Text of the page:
|Full name||Alexandre Louis Honore Lebreton Deschapelles|
|Born||March 7, 1780
|World Champion||c1800-c1820 (Unofficial)|
Alexandre Deschapelles (March 7, 1780, Ville-d'Avray near Versailles - October 27, 1847, in Paris) was a French chess player who, between the death of Philidor and the arrival of Louis de la Bourdonnais, was probably the strongest player in the world. He was considered the unofficial world champion from about 1800-1820.
His parents were Louis Gatien Le Breton Comte des Chapelles, born in New Orleans (Louisiana) in 1741, and Marie Françoise Geneviève d'Hémeric des Cartouzières from Béziers in the south of France. Louis Gatien served as an officer in a dragoon regiment and later became through the influence of his close friend, the future admiral Latouche-Tréville, an officer in the royal household (Maison du Roi) with a number of rooms near the king's chambers in the château of Versailles.
It was decided that Alexandre should start a military career, and so he was sent to the renowned military academy at Brienne. As the influence of his patron Latouche-Tréville ceased in 1791 and terror began to reign in France, Louis Gatien decided to emigrate to Germany with his wife and two sisters of Alexandre. Soon after his father's emigration, Alexandre had to leave Brienne and to join the French Republican army. A soldier in Napoleon's army, Deschapelles lost his right hand in battle and was thereafter nicknamed "Manchot" (one-armed). He also received a massive sabre-wound down the entire length of his face, which caused the Phrenology enthusiasts of his era to suggest "cranial sabre-wounds" were responsible for his amazing chess skill.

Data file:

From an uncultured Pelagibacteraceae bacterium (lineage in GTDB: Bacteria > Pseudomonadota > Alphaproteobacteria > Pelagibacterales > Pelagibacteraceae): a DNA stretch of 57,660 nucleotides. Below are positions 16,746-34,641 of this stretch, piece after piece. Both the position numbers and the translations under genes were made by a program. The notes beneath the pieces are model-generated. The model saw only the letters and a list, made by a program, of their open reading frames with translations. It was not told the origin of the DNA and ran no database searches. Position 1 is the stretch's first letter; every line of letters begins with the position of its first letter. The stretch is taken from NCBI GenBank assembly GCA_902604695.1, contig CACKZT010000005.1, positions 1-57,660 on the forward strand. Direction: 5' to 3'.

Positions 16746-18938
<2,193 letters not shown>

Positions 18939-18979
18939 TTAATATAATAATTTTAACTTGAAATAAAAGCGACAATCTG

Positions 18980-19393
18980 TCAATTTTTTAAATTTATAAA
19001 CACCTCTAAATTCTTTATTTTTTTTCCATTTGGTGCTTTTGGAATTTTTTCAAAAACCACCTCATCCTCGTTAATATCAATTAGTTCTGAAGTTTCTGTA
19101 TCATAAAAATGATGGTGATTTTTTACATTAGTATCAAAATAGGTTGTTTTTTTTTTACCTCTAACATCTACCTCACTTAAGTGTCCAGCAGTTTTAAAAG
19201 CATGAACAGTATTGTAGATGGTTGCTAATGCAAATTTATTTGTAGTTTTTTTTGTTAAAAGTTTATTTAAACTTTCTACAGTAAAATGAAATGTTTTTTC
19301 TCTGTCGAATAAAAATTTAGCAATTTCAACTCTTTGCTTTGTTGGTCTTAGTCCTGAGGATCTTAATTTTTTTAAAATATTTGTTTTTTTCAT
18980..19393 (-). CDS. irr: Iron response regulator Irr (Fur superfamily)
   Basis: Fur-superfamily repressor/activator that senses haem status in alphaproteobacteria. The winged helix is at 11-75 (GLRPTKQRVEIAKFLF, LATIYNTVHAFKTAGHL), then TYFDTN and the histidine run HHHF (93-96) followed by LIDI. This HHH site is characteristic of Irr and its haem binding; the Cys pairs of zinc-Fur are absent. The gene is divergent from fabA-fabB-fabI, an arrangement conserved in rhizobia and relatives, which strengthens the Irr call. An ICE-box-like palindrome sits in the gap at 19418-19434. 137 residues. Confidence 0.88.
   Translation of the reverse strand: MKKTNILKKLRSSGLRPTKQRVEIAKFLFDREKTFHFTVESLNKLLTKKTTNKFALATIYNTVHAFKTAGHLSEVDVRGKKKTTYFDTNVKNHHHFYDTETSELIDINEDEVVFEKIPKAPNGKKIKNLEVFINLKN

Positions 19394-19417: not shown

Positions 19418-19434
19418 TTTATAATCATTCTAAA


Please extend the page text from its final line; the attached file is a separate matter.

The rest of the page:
Deschapelles had an incredible aptitude for games. Three months after learning the moves of Polish Draughts, he defeated the French champion of that game, and claimed to have learned all of his chess knowledge in just four days.
He was the teacher of Jacques François Mouret and later, about 1820, he accepted Louis de la Bourdonnais as a student. After his defeats of John Cochrane and William Lewis two years later, Deschapelles switched to playing Whist (the Deschapelles coup in Contract Bridge is named after him). Returning to chess competition in the mid-1830s, Deschapelles continued his trademark of always giving his opponents "odds" (see chess handicap).
Deschapelles reportedly once asked an opponent if they would play a game for stakes, to which they stated "My religion forbids me to play for money", Deschapelles replied "Mine forbids me to be absurd!"
Given to his grandfather Louis Cézaire Le Breton des Chapelles, in 1760, by the French juge d'armes: "Un écu d'argent à trois palmes de sinople posées, deux et un. Cet écu timbré d'un casque de profil orné de ses lambrequins d'argent et de sinople."